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St. Louis Cardinals: The Hit Man

By Andrew Knox
The 700 Club -

"In case you hadn't noticed, there's no shortage of power on the St. Louis Cardinals," says 700 Club sports reporter Andrew Knox.

Knox: "The man that keeps the offense hot is Hitting Coach Mike Easler. It makes sense -- he earned the nickname "Hit Man" during his playing days. But the road to the big leagues was a long one for Easler. He talked about the frustration of playing in the minors year after year."

Easler: "I was very angry. I played the game just reckless and abandon and I was always continuing to put up good numbers. I was hitting, I believe 7 out of 10 years in the minor leagues around .300. I made 3 or 4 all-star games, and everything was great, but I wasn't getting to the big leagues. I became angrier and after the game I went out and starting doing this, that, and the other, I just couldn't hold it in."

Knox: "His minor league accomplishments weren't enough to get him to the next level, and his reckless attitude wasn't helping either. This realization was devastating."

Easler: "I was hurting, I mean I was really hurting inside, I was confused, and I didn't know where to go. My back was literally against the wall."

Knox: "Looking back, Easler says God was trying to get his attention, but anger kept him from listening."

Easler: "He was trying to call me and He was there all the time, He was just saying 'Come unto me all who labor and all heavy laden, and I'll give you rest,' and I didn't know that I could have rest in Jesus Christ."

Knox: "But one afternoon that all changed at a minor-league game in Florida."

Easler: "A lady came up to me and gave me a magazine, and on the magazine it said 'Is your back against the wall? There's nowhere else to go? Try Jesus.'

"I thought I knew Jesus but no, the magazine said 'know Him personally'. So I read it, and I got on my knees in Coco, Florida. I asked the Lord to come into my life personally, and sincerely. I had a transformation, and it was as you hear, 'the peace, that passes all understanding' came upon me, and I just knew that at that time my future was in God's hands and I knew that He would lead the way, and I just began to trust and live by faith."

Knox: "Mike Easler was at peace. But what about his dream of playing for a major league team?"

Easler: "I had to stay three or four more years still in the minor leagues after that, so it wasn't overnight. But my attitude changed, my approach to the game changed, my approach with my family, my relationship with my kids, my mother and father, everything changed."

Knox: "In 1979 Easler's dream came true -- finally he was called up to the majors. He spent five seasons with the Pirates, followed by stops in Boston and Philadelphia. And this player who spent so many years grinding it out in the minor leagues, finished his career with the New York Yankees. Easler had made it to baseball's greatest stage -- Yankee Stadium. And it may surprise you to learn what was next for Easler. Before retiring in 1987, he became a minister in the Baptist church."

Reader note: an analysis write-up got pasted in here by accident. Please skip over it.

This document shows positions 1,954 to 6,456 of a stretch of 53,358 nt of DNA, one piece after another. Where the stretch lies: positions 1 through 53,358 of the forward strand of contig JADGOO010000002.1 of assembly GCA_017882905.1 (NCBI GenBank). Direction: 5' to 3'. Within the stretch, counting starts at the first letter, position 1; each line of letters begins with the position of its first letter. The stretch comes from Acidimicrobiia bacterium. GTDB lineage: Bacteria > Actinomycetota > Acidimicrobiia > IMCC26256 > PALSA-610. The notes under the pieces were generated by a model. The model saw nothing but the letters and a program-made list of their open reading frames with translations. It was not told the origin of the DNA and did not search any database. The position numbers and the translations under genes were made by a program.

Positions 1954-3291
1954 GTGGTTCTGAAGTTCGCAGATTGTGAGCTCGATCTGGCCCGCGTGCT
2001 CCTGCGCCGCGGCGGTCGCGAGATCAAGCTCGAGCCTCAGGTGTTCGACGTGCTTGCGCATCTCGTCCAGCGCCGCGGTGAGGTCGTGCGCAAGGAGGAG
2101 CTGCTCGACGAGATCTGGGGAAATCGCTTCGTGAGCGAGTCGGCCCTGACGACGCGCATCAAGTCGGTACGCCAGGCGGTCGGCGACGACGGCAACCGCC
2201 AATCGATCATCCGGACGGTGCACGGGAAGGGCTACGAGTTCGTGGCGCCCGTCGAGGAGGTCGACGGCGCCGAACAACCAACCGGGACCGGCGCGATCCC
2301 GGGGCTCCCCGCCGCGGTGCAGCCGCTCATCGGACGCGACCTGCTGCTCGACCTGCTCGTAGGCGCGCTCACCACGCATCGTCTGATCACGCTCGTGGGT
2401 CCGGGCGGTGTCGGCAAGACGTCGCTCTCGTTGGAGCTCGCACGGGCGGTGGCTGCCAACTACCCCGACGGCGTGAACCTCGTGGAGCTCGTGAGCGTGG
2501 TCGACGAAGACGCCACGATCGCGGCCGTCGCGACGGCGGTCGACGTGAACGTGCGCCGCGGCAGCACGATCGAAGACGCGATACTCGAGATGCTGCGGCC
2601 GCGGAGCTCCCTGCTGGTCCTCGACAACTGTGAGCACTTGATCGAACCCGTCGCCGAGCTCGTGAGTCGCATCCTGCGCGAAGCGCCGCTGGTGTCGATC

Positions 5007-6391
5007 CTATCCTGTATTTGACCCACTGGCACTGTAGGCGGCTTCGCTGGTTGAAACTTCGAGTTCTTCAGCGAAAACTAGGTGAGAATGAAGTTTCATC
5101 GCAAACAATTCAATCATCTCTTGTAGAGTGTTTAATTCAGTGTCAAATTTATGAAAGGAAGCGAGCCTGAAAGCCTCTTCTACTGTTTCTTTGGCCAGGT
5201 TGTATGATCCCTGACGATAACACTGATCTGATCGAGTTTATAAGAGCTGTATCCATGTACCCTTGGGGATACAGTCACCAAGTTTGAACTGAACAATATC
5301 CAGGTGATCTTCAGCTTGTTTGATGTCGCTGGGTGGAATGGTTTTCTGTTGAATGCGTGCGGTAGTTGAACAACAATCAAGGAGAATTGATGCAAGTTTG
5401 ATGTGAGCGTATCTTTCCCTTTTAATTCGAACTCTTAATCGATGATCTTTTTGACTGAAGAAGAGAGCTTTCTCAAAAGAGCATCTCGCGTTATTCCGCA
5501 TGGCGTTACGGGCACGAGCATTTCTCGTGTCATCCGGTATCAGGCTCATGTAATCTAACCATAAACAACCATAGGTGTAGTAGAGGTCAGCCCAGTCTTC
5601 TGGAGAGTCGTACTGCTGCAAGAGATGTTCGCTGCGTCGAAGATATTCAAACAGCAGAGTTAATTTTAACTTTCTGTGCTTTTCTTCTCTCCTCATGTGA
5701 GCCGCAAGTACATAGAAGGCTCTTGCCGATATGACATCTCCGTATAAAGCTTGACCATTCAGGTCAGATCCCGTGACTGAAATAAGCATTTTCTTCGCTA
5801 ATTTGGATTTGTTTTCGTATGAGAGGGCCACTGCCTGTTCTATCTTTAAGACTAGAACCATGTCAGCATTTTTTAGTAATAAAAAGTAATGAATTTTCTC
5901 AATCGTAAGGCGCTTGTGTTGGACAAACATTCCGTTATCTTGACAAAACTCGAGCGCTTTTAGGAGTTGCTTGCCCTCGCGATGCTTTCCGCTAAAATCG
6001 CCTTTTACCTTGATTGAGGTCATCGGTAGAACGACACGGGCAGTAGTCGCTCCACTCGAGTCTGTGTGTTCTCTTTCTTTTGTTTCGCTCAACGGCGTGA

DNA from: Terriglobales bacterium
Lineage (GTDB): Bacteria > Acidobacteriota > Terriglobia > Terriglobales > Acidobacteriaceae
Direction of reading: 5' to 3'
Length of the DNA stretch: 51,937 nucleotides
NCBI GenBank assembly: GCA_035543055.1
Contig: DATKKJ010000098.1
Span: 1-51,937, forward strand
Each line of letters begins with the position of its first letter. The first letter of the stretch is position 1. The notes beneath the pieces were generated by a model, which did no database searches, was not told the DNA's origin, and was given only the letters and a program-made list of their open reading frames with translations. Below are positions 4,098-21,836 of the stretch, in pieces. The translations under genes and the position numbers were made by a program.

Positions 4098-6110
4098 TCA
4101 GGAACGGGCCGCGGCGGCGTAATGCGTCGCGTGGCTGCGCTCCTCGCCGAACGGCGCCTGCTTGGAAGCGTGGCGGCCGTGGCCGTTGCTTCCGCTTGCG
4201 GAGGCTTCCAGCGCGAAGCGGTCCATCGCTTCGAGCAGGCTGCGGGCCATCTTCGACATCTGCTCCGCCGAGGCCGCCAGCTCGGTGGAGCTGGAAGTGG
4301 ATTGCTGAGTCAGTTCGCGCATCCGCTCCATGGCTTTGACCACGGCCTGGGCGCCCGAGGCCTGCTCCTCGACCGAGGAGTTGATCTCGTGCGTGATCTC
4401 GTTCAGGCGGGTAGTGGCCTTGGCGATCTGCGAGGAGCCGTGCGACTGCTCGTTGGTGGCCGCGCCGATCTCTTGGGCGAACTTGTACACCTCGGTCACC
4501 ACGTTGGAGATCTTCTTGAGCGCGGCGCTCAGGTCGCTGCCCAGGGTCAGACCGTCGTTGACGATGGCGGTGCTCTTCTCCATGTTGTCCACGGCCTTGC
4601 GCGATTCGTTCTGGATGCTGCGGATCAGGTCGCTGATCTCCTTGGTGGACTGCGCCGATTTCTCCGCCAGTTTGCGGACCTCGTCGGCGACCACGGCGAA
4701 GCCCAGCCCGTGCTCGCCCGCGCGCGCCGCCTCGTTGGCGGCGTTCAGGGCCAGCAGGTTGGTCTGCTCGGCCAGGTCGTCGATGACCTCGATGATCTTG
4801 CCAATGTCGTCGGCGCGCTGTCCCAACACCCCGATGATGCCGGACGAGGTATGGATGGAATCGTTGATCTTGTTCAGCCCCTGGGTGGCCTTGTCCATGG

Easler: "I didn't know why I went into the ministry, that was in 1986. But a preacher told me that God was calling me, and I said, 'Well I'm still a baseball player.' But evidently God had a plan for my life, and this is coaching, and hopefully managing one day, and through that I can help these guys know a living God."

Knox: "Easler knows his job is to coach, but he also hopes the players see the difference God has made in his life."

Easler: "They know that I'm an associate minister in the Baptist Church, but you know, they know that I'm real. I don't take a Bible and beat them over the head with it. A lot of people would rather see a sermon than hear a sermon, and they'll know that you're a Christian by your love and your concern for them."

Knox: "Easler says that sometimes it's tougher to love the new generation of ballplayers. But he keeps it in perspective."

Easler: "If you're not willing to get on your knees, to humble yourself, to toss to these guys, to carry balls for them, to take the abuse, these young kids -- wet behind the ear, you've got to say this is just the way it is, this is the generation now."

Knox: "And what about those old feelings of anger? I asked him if he still battles them on occasion."

Easler: "Ooh I sure do. Sometimes it tries to rear its ugly head on me, and this is why we've got to pray unceasingly and stay close to the Lord and we've got to grow in Christ.

"We're not perfect as Christians but we're forgiven and this is why we accept Jesus Christ as our Savior because we need help, and we need help each and every day."

Knox: "It turns out baseball's been good to Easler. But he knows who's really responsible for his success."

Easler: "I love baseball with all my heart. But I love Jesus Christ with all my heart, soul, mind, and strength.

"I've learned now to trust in God, trust in a higher power, trust in Jesus Christ and to take one day at a time. But without Christ I don't know how anyone makes it."

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